from the service of their masters" appeared
to confirm this opinion. It waa believed.
however, that a concurrent jurisdiction ves
ted in the National and State Legislatures.
At the request of n number of gentlemen
of the neighboring State of Maryland, aa
;. .iQtad in the argument in the ease oi
Prigg vs. Commonwealth, the act of 35th
March. 1 828. was passed. I hree objects
were intended to be secured by this legisla
tion, to wit, the delivery of fugitives from
labor, the protection of free colored people,
and the prevention of kidnapping.
The 1st and 3d sections describe the of
fence of kidnapping, and prescribe its p'uu
ishment. The propriety and justice of its
enactments can not be questioned. The
other sections of this statute, relative to the
reclamation of fugitives from labor and ihe
powers given to the owner to re laze nia
property, and the obligations to aid and co
operate with him imposed upon the officers
of this Commonwealth, was of such char
acter as ouht to have satisfied all reason
able and fair-dealing men of the disposition
nt this Commonwealth and the acta of
Congress completely carried into effect
Wbile the law provided ample security Tor
the safe keeping of the alleged fugitive,
until the owner might have an opportunity
to obtain the proof of his former condition,
it required other prool of this fact than the
oath of the interested claimant o r hie agent
or attorney. Tbe provisione of this law
were fair and equitable, and well ealcula
ted to aid the owner in the recovery of bis
property ; and it is deemed a matter of sur
prise that it was contested and annulled.
through the aeencv of the same State
whose citizens had procured its enactment
The guards, in the statute, intended to pre
serve the liberty of the free man, would by
the investigation it demanded, cause some
trouble in procuring tbe final extradition
of the fugitive slave. Tbe proof of proper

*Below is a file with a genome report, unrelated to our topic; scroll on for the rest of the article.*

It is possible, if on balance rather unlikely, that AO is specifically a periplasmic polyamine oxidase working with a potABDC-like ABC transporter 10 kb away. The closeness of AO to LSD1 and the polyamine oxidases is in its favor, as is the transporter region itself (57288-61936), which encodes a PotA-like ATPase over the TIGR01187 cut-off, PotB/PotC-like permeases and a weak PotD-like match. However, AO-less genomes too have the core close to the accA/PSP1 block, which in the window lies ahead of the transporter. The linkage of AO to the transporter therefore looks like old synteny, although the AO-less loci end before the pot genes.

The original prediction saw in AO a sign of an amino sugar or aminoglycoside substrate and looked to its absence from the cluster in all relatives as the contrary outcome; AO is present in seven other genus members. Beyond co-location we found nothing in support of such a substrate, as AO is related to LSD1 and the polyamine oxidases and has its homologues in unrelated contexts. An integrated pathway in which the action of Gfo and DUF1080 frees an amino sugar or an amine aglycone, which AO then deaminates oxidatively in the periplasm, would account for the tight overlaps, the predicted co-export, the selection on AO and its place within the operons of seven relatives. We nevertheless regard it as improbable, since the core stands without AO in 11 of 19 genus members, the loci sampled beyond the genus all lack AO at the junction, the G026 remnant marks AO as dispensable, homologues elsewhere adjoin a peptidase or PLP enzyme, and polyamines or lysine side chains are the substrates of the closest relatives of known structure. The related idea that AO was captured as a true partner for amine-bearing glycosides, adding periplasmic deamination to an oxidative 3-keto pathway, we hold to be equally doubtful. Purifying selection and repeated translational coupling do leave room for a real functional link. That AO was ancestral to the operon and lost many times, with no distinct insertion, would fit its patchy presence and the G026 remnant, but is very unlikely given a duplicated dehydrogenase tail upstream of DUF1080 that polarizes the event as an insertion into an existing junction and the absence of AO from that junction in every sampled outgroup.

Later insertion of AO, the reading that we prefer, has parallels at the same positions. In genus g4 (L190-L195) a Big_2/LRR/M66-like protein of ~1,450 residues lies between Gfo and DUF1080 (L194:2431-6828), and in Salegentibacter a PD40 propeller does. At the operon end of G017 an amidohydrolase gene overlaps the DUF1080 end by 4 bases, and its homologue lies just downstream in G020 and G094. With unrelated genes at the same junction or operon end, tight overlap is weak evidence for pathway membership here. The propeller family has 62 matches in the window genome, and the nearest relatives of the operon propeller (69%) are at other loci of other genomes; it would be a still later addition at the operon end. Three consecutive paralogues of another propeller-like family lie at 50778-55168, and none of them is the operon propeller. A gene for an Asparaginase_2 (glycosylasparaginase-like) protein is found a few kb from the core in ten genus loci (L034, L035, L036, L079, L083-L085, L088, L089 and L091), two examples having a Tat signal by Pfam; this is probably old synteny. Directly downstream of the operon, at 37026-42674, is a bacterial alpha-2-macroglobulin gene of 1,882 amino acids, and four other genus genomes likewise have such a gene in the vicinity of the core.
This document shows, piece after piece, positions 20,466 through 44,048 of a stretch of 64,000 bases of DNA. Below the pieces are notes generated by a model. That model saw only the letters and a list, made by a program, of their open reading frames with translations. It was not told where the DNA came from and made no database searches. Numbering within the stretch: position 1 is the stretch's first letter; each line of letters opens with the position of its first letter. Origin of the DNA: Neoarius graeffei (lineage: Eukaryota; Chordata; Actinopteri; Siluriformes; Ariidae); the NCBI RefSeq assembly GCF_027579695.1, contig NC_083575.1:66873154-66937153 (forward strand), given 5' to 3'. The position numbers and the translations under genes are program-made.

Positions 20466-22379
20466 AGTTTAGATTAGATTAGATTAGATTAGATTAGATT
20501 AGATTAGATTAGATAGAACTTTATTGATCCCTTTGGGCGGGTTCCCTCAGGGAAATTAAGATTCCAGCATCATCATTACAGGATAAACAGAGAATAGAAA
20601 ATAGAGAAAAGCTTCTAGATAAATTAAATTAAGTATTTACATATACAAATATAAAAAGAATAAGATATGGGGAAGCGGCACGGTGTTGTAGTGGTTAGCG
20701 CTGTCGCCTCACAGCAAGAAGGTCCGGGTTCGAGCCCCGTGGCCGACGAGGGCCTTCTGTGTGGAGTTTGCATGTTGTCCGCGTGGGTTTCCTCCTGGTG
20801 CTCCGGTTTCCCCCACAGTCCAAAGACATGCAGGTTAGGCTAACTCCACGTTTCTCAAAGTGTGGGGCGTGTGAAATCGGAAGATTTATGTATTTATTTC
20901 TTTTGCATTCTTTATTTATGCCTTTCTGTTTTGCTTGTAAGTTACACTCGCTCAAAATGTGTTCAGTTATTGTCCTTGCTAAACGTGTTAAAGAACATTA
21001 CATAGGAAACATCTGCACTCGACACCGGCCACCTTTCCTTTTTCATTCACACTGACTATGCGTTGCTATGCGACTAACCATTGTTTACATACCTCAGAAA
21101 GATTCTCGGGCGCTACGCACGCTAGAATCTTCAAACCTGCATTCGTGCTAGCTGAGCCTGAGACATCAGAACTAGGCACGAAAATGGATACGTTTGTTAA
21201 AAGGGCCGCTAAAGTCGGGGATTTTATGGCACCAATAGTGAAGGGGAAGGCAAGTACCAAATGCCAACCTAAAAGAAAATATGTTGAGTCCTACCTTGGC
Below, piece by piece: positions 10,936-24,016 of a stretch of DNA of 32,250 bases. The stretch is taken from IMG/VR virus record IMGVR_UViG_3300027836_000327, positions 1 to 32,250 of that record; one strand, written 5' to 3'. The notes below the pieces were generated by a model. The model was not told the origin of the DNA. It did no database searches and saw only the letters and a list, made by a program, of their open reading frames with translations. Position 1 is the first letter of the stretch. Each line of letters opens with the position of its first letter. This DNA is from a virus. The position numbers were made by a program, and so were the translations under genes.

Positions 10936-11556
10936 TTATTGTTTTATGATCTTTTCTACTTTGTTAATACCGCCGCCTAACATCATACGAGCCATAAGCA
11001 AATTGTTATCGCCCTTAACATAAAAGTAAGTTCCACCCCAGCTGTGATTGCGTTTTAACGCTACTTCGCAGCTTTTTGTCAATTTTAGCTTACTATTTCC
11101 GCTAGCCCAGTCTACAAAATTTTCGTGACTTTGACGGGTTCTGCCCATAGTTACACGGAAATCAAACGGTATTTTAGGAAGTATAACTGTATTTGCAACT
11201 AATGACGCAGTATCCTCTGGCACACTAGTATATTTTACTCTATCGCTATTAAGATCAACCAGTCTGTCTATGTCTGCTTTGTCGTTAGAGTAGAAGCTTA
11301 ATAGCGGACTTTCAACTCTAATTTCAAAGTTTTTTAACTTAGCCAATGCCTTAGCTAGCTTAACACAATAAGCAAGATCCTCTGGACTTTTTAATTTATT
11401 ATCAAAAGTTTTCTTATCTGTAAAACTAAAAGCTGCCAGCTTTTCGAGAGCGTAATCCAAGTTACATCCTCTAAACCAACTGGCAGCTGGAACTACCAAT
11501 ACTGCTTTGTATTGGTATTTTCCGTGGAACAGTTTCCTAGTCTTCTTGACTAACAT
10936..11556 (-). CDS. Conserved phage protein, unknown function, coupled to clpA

ty, by other evidence than the oath of the
claimant, was certainly demanding aa lit
tle as our Southern friends in justice ahould
have desired, whin they asked the aid of
official power of the Cmnionwalih to
send from her jurisdiction anJ territory
humnn beings invoking the protection and
guardianship of her laws. The Supreme
Court, however.decided, that the provisions
of said law. imposing restraints upon the
claimant's power lo remove the alleged
fugitive, were unconstitutional. If the
restrictions imposed by the statute were
intended to aid the escape, or to prevent the
extradition of the fugitive, the accn
racy of the decision can not tie doubted,
but if these guards were inserted aa W
sary to protect the liberty nf the freeman
the decision was wrong, unless it was ad
judged that the sule authority to tlaim aa
provided in 'ho Constitution, and also au
thorize! him In aiza and remove the indi
vidiiil whom he n'lig'd was bin property
and to us foi that purpose the oflicia
power of the Stato, without permitting to
her the right to control and regulate the
manner of '.he procedure or to determine
tho truth and justice of the alleged claim.
It established the principle that a stranger
to tho soil of Pennsylvania, might enter
upon it, and by possibility inflict the deep
est injustice upon her sovereignty by tbe
abduction of her citizens on false pretences
the supreme judicature having so decided the
question, our law-abiding citizens submit
ted, but with the determination, that in tbe
spirit of that decision the officers of this
Commonwealth should not be made the
instruments, even by possibility, on such
slight foundation as a claimant's interested
demand, of enslaving free men. To pre
vent this great possible wrong, tbe act of
3d March, 1847, repealing all legislation
on the subject, and forbidding the officers
of the State to take any part in the recap
lure of such alleged fugitives, was enacted
The coMtituiional provision, and the act
ol Congress, our Slate has endeavored to
carry into full effect. She has denied, and
is hoped, ever will deny, the power nf
Congress to impose tbe performance of
duties upon her municipal and judicial offi
cers, without her consent.
An act of Congress, providing a mode
of procuring due proof of the correctness
of the claim of the reputed owoer of a fu
gitive from labor, and requiring satisfac
tory evidence from disinterested parties ef
the former condition of the person claimed,
would receive the sanction of our citizens.
and their co-operation in carrying it into
effect. No enactment would satisfy tbe
citizens of Pennsylvania, that failed to re
quire strict proof of the right of the master.
In this recital of her Legislative history,
it is impossible to discover wherein this
Commonwealth has been unfaithful to the
National Constitution.
If the obligations impossed upon us by
ihe Constitution, hsve been thus faithfully
discharged ; and if every page of our his
tory, every volume of our la wa, demon
strate, that our federal relatione have bean
honestly regarded ; is it not an act of in
justice, on the part of Virginia and Georgia,
lo charge us with a wilful neglect and in
fraction of our duties lo the National com
pact 7 It it n aggress-orn 'or our awonle.
the exercise of ike liberty of
to proclaim that sivery si an evil, and a
wrong, and that al the adept io. of the Con
stitution these principles were avowed nnd
maintained I Is it a wrong in J hem to